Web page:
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Comment: Re:Still... (Score 1) 835

by Darth Android (#26635569) Attached to: How To Diagnose a Suddenly Slow Windows Computer?
I think between the overly-agressive memory management of windows (6GB of RAM, 1.5GB in use for active programs, 2GB for system cache, and it's *still* paging stuff? WTF?), and the fact that it memory-maps executables (as opposed to copying them to memory to run) cause major problems if a drive is operating slow. True it can service another process while it's accessing the disk, but what if that process has to be paged off of disk before it can be run? True the CPU can go onto the next process, but I'm still here waiting for Word or WoW to open. Memory-mapping of executables was great when all we needed was 640Kb of memory, but today it's only purpose is to require exclusive filelocks when a process is running and prevent the application from being updated. This doesn't explain why a system would run fast for weeks/months and then suddenly slow down one day, but it's a serious flaw in how windows manages it's memory and processes.

Comment: Re:lite (Score 1) 632

by Darth Android (#24943735) Attached to: Why Mozilla Is Committed To Using Gecko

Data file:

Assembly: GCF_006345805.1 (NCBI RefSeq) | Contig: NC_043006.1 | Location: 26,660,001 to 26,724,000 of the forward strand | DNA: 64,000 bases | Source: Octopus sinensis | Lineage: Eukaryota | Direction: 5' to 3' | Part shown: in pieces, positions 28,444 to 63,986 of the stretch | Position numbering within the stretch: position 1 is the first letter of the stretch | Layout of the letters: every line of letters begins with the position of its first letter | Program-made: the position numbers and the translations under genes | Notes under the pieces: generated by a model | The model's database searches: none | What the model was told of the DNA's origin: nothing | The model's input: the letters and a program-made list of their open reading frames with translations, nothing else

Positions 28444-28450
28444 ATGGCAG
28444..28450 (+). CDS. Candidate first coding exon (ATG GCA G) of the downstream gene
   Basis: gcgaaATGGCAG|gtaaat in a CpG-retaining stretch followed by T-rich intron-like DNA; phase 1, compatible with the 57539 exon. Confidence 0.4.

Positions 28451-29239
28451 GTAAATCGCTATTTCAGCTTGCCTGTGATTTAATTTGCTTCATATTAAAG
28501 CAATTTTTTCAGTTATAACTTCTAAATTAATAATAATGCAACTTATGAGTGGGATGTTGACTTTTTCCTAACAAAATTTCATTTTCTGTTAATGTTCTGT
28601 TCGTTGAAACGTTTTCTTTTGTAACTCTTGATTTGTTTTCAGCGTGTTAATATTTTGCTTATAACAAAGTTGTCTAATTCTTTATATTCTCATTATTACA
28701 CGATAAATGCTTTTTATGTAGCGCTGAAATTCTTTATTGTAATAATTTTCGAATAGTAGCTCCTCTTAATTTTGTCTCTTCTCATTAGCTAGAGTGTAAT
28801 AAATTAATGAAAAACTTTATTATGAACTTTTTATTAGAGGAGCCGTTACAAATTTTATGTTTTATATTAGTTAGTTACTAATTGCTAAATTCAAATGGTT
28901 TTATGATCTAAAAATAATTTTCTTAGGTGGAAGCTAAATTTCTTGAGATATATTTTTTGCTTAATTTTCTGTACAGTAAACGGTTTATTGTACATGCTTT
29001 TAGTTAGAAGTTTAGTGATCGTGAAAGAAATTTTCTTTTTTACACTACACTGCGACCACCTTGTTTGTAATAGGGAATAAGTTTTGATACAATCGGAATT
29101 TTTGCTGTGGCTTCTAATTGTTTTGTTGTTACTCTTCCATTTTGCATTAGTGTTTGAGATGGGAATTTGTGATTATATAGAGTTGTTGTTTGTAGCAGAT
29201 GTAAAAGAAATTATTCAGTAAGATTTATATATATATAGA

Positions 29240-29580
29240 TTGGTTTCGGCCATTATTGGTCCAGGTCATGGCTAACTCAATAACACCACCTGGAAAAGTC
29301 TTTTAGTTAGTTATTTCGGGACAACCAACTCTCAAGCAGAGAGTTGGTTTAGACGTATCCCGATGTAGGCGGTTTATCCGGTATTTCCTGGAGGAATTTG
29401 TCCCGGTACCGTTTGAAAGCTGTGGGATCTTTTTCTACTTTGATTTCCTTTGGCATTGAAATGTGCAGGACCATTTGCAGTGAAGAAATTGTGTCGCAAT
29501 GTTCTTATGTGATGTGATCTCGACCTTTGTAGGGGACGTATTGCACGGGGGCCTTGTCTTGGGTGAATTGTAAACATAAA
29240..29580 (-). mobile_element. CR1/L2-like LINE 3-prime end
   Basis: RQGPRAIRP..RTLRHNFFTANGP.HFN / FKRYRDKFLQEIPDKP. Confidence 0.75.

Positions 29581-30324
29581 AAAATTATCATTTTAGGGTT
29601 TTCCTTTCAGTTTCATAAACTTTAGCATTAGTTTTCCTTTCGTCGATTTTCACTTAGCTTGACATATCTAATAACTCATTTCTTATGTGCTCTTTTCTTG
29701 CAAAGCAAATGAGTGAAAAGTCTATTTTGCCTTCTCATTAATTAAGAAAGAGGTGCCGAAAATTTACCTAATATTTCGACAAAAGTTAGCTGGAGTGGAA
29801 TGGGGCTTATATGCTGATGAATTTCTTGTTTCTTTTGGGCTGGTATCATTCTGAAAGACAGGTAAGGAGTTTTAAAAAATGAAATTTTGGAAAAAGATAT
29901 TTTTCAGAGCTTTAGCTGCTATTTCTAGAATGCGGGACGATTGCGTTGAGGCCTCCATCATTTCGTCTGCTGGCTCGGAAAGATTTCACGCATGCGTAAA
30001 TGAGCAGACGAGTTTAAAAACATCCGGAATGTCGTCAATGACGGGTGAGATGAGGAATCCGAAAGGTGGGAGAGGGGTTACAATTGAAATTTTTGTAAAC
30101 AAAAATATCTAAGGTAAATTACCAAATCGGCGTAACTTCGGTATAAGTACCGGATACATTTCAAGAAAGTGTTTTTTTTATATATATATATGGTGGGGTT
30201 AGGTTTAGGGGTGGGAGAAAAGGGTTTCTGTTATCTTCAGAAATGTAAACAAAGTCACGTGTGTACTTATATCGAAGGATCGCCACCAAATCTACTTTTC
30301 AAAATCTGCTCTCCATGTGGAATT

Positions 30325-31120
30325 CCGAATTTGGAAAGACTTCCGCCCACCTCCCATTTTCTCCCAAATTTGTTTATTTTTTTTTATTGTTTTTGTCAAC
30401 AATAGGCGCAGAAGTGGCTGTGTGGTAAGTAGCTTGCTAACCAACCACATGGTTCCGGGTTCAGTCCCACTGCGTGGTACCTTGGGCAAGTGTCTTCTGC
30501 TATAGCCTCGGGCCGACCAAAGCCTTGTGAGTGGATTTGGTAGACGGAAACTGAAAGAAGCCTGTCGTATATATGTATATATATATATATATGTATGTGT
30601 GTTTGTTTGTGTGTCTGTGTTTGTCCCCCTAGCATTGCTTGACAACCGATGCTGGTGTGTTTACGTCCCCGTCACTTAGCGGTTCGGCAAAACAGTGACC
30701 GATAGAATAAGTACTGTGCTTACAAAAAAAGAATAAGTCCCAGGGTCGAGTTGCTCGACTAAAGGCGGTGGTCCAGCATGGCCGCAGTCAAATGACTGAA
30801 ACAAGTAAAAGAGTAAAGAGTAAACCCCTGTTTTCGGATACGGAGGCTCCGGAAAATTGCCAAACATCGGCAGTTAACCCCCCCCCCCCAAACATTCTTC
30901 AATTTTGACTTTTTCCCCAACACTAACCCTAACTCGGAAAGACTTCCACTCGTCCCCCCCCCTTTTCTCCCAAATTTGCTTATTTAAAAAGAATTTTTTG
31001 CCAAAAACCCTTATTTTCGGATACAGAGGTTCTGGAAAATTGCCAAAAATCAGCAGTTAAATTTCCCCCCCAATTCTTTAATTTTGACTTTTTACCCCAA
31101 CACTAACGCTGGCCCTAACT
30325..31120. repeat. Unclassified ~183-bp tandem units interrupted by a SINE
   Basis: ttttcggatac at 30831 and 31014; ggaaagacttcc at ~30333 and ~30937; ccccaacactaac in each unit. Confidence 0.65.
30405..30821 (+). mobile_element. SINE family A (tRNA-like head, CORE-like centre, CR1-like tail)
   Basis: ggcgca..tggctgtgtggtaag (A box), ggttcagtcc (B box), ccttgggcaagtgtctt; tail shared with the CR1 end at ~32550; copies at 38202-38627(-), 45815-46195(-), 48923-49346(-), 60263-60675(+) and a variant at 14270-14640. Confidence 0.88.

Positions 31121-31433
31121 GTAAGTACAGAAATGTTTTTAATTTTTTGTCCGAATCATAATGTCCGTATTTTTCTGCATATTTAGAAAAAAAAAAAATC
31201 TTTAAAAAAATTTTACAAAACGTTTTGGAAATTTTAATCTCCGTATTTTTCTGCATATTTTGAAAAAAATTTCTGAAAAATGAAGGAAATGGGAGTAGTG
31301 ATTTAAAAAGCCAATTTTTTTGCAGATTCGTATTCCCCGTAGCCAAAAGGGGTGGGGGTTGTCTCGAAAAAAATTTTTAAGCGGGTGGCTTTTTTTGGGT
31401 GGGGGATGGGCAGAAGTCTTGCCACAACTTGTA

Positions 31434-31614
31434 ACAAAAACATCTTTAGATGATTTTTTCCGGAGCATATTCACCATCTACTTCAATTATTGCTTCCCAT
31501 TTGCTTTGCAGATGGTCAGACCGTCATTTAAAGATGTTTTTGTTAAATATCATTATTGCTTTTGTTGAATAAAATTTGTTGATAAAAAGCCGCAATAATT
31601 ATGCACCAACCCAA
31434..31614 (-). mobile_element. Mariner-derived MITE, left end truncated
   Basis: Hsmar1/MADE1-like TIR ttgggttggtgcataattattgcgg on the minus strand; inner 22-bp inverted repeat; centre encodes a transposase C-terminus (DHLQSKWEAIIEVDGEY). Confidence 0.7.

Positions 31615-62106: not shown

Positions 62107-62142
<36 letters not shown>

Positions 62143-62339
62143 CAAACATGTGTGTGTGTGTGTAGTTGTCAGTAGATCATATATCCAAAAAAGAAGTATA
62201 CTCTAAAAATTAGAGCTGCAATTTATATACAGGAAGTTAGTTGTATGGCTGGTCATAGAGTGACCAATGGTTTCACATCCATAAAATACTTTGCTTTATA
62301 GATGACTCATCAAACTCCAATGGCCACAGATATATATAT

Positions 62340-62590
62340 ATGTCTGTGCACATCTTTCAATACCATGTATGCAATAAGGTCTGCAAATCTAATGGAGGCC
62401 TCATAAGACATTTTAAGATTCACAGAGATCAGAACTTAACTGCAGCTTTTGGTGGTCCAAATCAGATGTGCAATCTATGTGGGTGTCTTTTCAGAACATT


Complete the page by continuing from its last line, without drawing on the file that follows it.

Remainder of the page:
If you're encountering enough lock-ups to cause you to need to be able to end a single tab's process regularly (which is pretty hard to do in Chrome with all the tabs having the same process name mind you) then have fun with your threaded tabs.

See, the beauty of multi-process (or multi-threaded, even) is when one tab locks up, the rest of the browser doesn't. Open Chrome's process manager (Shift+Esc) and kill the tab. And I don't know anyone that goes around trying to open tabs that will lock up the browser. That's done on accident, and it's nice to be able to do something about it when that occurs.

If at first you don't succeed, you must be a programmer.

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